This post is by Dan Simpson, senior policy and parliamentary officer at Sustrans.
Buried in a written statement on 9 March, Transport Secretary Mark Harper announced that overall active travel funding for England in the current parliamentary term is being reduced from £3.8 billion to £3 billion. This includes a two thirds cut to promised capital investment in infrastructure for walking, wheeling and cycling, from £308 million to only £100 million for the next two years.
What do these cuts mean practically? Local authorities have been spurred on by the government to be more ambitious and get on with building new safe walking, wheeling and cycling infrastructure. But they’ve now had their support ripped out from under them. As a result, we’ll see fewer roads made safer and fewer cycling routes created. Barriers that many people face – such as cracked pavements and missing dropped kerbs – will take longer to tackle. And England will lag far behind other UK nations and London, where per capita investment for active travel is many times higher.
It’s vital to meet climate ambitions
These cuts call into question the government’s commitment to net zero. Active travel isn’t a ‘nice to have’, it must be at the heart of the UK’s transport decarbonisation plan if it’s to meet its targets. Extrapolating Sustrans’ 2021 Walking and Cycling Index to the UK population shows that people walking, wheeling and cycling took 14.6 million cars off the road, saving 2.5 million tonnes of greenhouse gas emissions. Transport for Quality of Life found that even if 100 per cent of all new vehicle sales were ultra low emission vehicles by 2030, car mileage would still need to be reduced by between ten and 20 per cent to limit global temperature rise to below 1.5 °C.
Following cuts of this depth, the government’s aim for 50 per cent of journeys in towns and cities to be walked or cycled by 2030 seems impossible to achieve. They put a limit on the ability of people to choose to travel healthily, cheaply and emissions free.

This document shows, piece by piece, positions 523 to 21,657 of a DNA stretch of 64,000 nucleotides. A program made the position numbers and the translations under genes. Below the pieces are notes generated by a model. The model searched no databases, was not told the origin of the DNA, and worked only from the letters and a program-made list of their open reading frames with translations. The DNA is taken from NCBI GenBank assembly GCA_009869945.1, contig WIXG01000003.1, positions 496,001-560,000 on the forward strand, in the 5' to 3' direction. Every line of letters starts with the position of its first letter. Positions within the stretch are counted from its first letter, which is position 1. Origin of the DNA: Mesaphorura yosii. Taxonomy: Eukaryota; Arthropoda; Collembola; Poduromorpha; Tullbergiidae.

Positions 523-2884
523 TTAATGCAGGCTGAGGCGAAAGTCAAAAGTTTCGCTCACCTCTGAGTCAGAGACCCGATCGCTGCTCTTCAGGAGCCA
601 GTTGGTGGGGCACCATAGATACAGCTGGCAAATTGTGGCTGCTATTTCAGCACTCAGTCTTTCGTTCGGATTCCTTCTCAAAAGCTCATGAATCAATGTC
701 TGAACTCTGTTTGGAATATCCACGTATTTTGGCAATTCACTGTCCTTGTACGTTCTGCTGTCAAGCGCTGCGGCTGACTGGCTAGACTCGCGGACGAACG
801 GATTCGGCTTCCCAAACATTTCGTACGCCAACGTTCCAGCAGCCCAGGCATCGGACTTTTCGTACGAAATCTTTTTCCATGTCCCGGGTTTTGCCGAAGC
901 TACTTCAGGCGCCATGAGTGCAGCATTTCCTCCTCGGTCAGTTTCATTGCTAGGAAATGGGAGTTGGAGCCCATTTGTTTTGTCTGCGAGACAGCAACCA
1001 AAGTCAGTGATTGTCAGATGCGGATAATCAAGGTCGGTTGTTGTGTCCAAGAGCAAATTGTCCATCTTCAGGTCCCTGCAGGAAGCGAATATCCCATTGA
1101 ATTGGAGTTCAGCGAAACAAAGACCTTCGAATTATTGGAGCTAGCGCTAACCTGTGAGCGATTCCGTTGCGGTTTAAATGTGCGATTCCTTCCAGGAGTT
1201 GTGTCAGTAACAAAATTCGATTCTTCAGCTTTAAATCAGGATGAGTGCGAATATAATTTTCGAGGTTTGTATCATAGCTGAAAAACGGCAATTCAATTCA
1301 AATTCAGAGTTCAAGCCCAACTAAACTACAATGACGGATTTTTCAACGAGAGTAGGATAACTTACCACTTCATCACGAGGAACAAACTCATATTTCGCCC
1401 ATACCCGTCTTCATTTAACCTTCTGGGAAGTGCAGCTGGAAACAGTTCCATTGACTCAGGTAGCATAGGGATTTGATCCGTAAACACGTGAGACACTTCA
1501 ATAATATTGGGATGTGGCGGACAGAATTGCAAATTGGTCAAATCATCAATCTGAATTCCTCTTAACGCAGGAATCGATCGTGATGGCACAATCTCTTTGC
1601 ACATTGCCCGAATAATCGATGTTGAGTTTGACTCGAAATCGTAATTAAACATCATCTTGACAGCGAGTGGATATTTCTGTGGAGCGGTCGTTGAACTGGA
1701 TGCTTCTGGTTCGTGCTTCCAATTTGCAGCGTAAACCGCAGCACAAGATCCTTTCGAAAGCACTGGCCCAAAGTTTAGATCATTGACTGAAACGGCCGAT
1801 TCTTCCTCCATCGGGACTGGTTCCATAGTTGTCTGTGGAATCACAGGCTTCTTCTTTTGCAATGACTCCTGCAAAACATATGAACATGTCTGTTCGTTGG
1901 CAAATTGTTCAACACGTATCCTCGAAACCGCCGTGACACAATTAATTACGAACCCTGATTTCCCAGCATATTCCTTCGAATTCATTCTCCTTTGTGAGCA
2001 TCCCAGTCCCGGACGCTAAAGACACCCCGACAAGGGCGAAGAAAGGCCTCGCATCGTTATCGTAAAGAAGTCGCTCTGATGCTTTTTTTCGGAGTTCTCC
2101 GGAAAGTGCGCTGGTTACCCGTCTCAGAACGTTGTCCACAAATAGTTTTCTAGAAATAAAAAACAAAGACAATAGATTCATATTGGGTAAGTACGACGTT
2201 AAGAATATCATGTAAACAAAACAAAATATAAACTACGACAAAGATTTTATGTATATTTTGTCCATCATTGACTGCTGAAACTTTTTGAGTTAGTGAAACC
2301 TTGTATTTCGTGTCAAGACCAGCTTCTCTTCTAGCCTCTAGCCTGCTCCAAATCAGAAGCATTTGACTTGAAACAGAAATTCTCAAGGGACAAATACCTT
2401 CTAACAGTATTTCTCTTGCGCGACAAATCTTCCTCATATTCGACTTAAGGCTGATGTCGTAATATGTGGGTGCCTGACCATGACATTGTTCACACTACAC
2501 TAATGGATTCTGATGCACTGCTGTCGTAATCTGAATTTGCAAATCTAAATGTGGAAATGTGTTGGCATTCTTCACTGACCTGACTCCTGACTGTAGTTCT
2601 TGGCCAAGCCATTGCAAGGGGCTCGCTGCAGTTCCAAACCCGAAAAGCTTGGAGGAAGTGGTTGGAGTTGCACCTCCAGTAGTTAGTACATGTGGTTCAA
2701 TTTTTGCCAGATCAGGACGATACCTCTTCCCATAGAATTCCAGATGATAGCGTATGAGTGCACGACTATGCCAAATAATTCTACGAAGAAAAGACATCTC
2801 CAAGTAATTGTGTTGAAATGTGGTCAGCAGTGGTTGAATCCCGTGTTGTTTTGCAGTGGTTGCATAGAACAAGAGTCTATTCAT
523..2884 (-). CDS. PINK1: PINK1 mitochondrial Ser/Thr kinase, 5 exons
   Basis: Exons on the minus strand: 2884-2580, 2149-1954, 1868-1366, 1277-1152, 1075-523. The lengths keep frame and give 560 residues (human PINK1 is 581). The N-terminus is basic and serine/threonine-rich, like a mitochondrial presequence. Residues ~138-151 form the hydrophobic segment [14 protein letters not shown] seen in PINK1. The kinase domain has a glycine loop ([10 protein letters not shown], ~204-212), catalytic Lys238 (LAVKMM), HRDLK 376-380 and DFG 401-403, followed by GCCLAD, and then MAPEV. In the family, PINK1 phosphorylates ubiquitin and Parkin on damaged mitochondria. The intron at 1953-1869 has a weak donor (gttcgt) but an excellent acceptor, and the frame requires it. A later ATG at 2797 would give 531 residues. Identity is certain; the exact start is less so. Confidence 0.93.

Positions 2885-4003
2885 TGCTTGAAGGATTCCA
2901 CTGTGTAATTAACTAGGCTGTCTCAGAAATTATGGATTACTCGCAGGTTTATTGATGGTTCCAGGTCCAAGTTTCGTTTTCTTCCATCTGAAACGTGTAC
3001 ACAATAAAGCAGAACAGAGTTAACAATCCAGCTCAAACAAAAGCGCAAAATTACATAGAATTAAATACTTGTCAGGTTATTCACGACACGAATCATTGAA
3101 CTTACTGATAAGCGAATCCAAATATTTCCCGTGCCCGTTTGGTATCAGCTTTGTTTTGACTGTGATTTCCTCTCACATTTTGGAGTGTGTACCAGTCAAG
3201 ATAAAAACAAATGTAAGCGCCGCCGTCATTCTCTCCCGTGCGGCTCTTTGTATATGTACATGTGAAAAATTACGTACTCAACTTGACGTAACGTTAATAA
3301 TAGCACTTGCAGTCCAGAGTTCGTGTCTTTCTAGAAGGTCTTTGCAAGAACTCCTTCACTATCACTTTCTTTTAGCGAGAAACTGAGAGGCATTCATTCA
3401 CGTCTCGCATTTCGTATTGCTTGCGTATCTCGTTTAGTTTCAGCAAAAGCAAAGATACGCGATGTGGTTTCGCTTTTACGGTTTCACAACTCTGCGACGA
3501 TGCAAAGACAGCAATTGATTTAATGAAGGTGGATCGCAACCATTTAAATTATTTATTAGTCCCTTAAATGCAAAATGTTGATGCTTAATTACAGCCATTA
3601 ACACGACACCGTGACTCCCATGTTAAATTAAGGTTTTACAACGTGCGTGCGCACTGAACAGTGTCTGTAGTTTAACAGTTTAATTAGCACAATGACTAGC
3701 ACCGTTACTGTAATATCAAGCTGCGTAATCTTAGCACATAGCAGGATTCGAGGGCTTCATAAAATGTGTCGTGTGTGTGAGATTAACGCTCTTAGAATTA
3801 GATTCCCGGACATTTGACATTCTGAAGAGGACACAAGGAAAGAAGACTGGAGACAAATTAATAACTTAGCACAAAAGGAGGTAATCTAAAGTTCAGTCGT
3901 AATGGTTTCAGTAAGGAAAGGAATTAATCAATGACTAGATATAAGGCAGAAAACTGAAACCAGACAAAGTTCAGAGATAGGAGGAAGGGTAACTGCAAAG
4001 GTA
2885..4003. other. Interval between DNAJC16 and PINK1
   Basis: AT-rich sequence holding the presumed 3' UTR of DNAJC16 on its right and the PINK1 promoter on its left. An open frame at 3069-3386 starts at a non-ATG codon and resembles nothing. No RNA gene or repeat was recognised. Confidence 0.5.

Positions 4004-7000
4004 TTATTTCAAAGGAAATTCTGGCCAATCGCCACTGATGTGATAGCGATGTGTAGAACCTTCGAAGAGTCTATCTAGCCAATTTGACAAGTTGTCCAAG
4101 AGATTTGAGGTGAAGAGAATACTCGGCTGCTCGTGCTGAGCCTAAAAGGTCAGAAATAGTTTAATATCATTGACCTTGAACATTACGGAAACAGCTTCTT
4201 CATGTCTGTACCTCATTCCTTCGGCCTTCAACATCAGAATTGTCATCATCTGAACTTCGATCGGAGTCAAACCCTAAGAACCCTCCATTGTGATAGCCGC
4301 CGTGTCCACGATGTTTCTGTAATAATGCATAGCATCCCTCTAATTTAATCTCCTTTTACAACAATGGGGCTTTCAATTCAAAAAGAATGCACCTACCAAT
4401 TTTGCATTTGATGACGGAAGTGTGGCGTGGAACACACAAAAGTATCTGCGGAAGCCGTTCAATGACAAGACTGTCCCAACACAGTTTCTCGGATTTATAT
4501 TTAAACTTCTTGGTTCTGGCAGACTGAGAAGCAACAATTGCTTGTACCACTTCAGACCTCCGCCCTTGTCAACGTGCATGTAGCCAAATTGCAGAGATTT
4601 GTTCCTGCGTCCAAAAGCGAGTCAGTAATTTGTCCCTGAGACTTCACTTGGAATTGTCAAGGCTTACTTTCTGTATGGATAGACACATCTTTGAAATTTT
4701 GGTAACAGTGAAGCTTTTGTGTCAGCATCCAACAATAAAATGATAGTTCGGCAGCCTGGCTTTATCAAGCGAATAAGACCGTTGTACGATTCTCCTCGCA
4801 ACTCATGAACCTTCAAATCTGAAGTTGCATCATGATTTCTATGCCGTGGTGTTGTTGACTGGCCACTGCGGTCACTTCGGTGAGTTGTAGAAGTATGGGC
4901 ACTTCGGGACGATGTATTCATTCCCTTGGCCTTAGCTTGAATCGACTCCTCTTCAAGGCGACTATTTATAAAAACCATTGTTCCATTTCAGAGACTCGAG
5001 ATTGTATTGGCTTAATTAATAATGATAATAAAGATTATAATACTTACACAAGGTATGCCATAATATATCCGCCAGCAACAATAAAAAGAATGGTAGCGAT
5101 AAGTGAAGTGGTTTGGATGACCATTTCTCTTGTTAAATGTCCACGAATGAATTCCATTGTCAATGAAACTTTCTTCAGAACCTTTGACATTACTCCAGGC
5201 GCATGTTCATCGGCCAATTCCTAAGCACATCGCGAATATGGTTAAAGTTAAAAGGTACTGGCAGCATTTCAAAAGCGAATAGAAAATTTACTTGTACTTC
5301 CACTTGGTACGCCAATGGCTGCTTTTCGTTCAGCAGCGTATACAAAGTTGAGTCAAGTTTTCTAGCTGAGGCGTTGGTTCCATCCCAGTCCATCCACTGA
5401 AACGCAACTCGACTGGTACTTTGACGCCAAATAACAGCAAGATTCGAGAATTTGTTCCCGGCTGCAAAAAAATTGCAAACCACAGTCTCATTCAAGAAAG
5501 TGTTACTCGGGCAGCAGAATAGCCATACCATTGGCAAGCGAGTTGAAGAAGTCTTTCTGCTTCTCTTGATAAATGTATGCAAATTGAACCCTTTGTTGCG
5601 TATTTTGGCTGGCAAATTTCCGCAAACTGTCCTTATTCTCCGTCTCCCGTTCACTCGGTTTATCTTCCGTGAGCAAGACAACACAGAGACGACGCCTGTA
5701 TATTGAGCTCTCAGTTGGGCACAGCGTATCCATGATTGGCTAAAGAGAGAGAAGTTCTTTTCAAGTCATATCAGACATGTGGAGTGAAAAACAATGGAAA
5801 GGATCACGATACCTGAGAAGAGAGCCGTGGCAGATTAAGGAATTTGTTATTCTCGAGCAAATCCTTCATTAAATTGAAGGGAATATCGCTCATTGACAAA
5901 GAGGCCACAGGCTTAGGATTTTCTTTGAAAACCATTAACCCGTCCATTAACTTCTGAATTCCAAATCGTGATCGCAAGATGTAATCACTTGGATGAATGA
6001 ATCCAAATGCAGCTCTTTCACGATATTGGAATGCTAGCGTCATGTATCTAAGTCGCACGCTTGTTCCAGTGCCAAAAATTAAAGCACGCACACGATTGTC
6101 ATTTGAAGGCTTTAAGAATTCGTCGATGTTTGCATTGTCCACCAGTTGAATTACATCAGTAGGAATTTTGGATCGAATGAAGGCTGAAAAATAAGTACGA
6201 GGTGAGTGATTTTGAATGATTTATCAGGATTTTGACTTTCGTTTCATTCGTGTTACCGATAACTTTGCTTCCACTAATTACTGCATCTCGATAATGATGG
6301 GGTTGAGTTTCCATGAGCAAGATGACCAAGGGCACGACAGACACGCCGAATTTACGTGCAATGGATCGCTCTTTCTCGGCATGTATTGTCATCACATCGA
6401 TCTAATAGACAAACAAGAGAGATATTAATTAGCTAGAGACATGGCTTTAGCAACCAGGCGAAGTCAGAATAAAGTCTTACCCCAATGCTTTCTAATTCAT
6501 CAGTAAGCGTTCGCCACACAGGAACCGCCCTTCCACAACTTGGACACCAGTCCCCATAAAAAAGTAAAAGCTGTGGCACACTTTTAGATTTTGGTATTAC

Simply put, it doesn’t make sense to withdraw investment in active travel at a time of national financial strain. It is estimated that active travel contributed £36.5 billion to the UK economy in 2021. This is from a relatively modest government investment, compared to funding for other transport modes. Repeated studies have found that walking and cycling improvements increase local retail spend by up to 30 per cent. The Department for Transport’s own analysis says active travel investments have a “very high” expected benefit-to-cost ratio with every £1 spent generating £5.62 in economic benefits.
It’s an investment in health and wellbeing
Walking, wheeling and cycling prevented 138,000 serious long term health conditions and avoided more than 29,000 early deaths in 2021. And active travel routes, including the National Cycle Network, provide green corridors to cool our cities and help people access nature more easily.
Safe, accessible walking and cycling infrastructure is vital for people to choose these options to get to work, get to school and get about inexpensively. It helps to make society more inclusive. Over a third of people on low incomes and a similar proportion of disabled people don’t have access to a car. For many that do, it is becoming prohibitively expensive.
We have seen positive momentum in active travel in recent years, driven in part by commitments to cycling made in the 2019 Conservative Party manifesto, funding announced by Rishi Sunak when he was chancellor and ongoing commitments to net zero during last year’s Conservative leadership race. We must not go backwards on it now.
In an open letter, co-ordinated by Sustrans to the prime minister, signatories from a diverse coalition of charities, professional organisations and businesses representing millions of people, have called for the urgent reversal of the proposed cuts.
Transport decarbonisation isn’t about any one mode of travel, but about fair funding to create an integrated system of sustainable travel, including buses, trains, walking, wheeling and cycling, as well as cars.
Long term thinking is needed, building on progress already made. Working together, as a sector and with the government, we can protect the climate and the environment, and create a healthier and happier society. But walking, wheeling and cycling must be well funded for that to happen. We can’t afford not to.